Opera web browser's 'Turbo Mode' is designed to speed up browsing. As a side effect, it also bypasses website blocks, something popular with pirates. However, it appears that the company has been in talks to integrate a blacklist which could stop access to blocked domains. From a report on TorrentFreak: It transpires that earlier this year, Opera's owners were approached by Russian telecoms watchdog Roskomnadzor who aired concerns about the browser's ability to unblock banned sites. It was suggested that Opera should introduce some kind of filtering/blacklist mechanism to disallow blocked sites from accessing 'Turbo Mode.' Russian publication Kommersant says that it was able to confirm the nature of the discussions with sources within Opera. And according to Roskomnadzor's Vadim Ampelonsky, a meeting took place between the parties early in the fall. Ampelonsky says that discussion surrounded the technical issues of keeping blocked sites inaccessible when 'Turbo Mode' is activated. Representatives from Opera reportedly confirmed that this kind of filtering is possible. "We are ready to periodically send a list of sites to enter into such a filter at the conclusion of a bilateral agreement [with Opera]," Ampelonsky says, adding that discussions continue.
Piracy

Aussie Internet Pirates Are The Best Customers (torrentfreak.com) 48

A report commissioned by the Australian government has found a drop in piracy rates for 2016. The fall is being attributed to improved availability of legal streaming alternatives, but as TorrentFreak points out, the report also reveals that the much reviled Aussie pirate is often the industry's best customer. From the report: Streaming, on the other hand, increased from 54% to 57% year on year, with TV shows and movies making the biggest gains. "The proportion of internet users who streamed TV programs increased from 34% to 38% (making TV the most commonly accessed content type via online streaming) and the proportion of internet users who streamed movies increased from 25% to 29%," the report reads. This year the most-consumed content were TV shows (41%, up from 38% in 2015), music (39%, down from 42% in 2015) and movies (33%) and video games (15%). When all four content types were considered, the survey found that consumers streaming content on a weekly basis increased significantly, with 71% doing so for music and videos games, 55% for TV programs and 51% for movies. [...] However, in yet another blow to those who believe that genuine consumers and pirates are completely different and separate animals, the survey also reveals that millions of pirates are also consumers of legitimate content. In 2016, just 6% of Internet users exclusively obtained content from pirate sources. And there was an improvement in other areas too. When the survey presents figures from internet users who consumed content in the period (instead of just 'all Internet users 12+'), 37% consumed at least one unlawful file, down from 43% in the same period in 2015. Using the same parameters, 9% consumed all of their files unlawfully, down from 12% in 2015. But while there have been improvements in a number of areas, the volume of content being consumed illegally is not coming down across the board. According to the report, an estimated 279m music tracks, 56m TV shows, 34m movies, and 5m video games were consumed in the three month period.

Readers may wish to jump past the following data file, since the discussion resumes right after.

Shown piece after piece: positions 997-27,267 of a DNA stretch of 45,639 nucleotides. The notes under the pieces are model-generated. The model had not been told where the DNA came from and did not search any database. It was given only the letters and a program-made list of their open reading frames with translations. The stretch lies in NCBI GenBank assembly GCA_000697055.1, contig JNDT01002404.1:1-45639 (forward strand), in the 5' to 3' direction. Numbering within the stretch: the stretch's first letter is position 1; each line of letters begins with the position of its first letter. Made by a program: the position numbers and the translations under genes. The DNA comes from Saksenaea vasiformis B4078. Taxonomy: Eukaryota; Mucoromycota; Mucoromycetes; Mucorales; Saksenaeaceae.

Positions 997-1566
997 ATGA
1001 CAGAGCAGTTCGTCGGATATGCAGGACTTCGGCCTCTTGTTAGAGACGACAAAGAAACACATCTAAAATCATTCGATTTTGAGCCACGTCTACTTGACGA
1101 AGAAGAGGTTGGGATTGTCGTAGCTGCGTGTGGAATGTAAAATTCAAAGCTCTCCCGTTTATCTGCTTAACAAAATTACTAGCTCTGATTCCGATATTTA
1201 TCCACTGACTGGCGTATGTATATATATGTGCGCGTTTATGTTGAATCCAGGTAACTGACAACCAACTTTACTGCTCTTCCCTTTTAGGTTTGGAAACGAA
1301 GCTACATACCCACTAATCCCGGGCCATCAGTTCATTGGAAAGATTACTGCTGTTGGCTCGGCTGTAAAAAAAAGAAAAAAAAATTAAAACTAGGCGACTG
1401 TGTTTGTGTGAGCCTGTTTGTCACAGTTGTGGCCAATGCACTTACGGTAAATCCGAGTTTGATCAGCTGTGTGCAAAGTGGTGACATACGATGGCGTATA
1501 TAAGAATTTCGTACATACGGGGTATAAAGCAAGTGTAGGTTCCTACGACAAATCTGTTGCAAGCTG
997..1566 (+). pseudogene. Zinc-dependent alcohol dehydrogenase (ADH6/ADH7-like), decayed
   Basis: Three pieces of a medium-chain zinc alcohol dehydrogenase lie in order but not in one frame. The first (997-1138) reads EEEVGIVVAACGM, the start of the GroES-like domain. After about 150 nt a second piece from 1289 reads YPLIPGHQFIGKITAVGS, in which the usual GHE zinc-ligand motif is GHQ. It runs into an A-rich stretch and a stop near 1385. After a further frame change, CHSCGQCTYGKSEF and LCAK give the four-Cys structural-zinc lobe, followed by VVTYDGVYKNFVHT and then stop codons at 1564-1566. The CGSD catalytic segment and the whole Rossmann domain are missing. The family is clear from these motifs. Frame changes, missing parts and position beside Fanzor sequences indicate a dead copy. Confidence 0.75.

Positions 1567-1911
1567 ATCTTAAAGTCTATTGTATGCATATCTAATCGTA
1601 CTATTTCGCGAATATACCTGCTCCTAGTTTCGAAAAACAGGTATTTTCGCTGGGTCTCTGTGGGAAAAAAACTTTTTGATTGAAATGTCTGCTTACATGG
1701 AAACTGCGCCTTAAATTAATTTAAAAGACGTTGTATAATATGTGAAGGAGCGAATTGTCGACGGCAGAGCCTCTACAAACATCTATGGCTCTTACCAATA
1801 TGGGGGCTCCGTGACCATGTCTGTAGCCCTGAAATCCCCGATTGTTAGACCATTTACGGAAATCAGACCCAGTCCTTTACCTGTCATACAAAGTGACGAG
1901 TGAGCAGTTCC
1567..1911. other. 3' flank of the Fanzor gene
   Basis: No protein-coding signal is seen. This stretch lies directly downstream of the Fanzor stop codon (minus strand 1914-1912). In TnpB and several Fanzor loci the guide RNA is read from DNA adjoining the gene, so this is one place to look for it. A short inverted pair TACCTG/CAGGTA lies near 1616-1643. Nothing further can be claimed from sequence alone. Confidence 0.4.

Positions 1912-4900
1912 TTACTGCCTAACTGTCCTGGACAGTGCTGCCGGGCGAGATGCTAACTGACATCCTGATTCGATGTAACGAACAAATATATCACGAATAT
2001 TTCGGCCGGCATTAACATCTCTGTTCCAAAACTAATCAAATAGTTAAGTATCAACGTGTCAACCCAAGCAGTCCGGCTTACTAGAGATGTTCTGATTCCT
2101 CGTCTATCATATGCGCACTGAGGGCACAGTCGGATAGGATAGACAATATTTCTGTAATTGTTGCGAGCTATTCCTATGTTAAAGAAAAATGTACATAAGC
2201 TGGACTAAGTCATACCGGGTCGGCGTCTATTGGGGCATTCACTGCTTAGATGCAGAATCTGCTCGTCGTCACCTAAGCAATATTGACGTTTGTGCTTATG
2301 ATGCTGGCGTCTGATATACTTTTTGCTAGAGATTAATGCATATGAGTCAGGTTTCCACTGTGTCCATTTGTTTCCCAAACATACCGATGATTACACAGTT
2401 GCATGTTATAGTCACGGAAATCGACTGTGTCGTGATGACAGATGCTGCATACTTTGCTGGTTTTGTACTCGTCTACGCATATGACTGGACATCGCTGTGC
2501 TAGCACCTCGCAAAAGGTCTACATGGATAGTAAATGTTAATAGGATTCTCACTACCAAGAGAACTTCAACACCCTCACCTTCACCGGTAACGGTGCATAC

Microsoft

4K Netflix Arrives On Windows 10, But Only Via Microsoft's Edge Browser (theverge.com) 126

An anonymous reader quotes a report from The Verge: Netflix 4K streaming is finally heading to Windows PCs this week. While a number of TVs and set-top-boxes already support 4K Netflix streams, the PC has largely been left out of the high-quality streams due to piracy fears. Netflix is now supporting 4K streaming through Microsoft's Edge browser, but you'll need a new PC to actually make use of it. Netflix is only supporting 7th generation (Kaby Lake) Intel Core processors, and there aren't many laptops that actually support both the 4K display required and the new Intel processors. As a result, Microsoft is using the 4K Netflix support as a marketing effort for its Edge browser and to encourage people to upgrade their hardware to watch new episodes of the Gilmore Girls. It all might seem like a bit of a con, but it's largely the fault of DRM requirements from Hollywood studios and TV networks. Content providers have strict controls for 4K playback, so that streams can't be captured and redistributed illegally. The latest hardware decryption features simply aren't available on older Intel processors, and the new Kaby Lake chips now support 10-bit HEVC, a popular 4K video codec.
Piracy

Major Cyberlocker EX.UA To Shut Down Amid Police Crackdown (torrentfreak.com) 12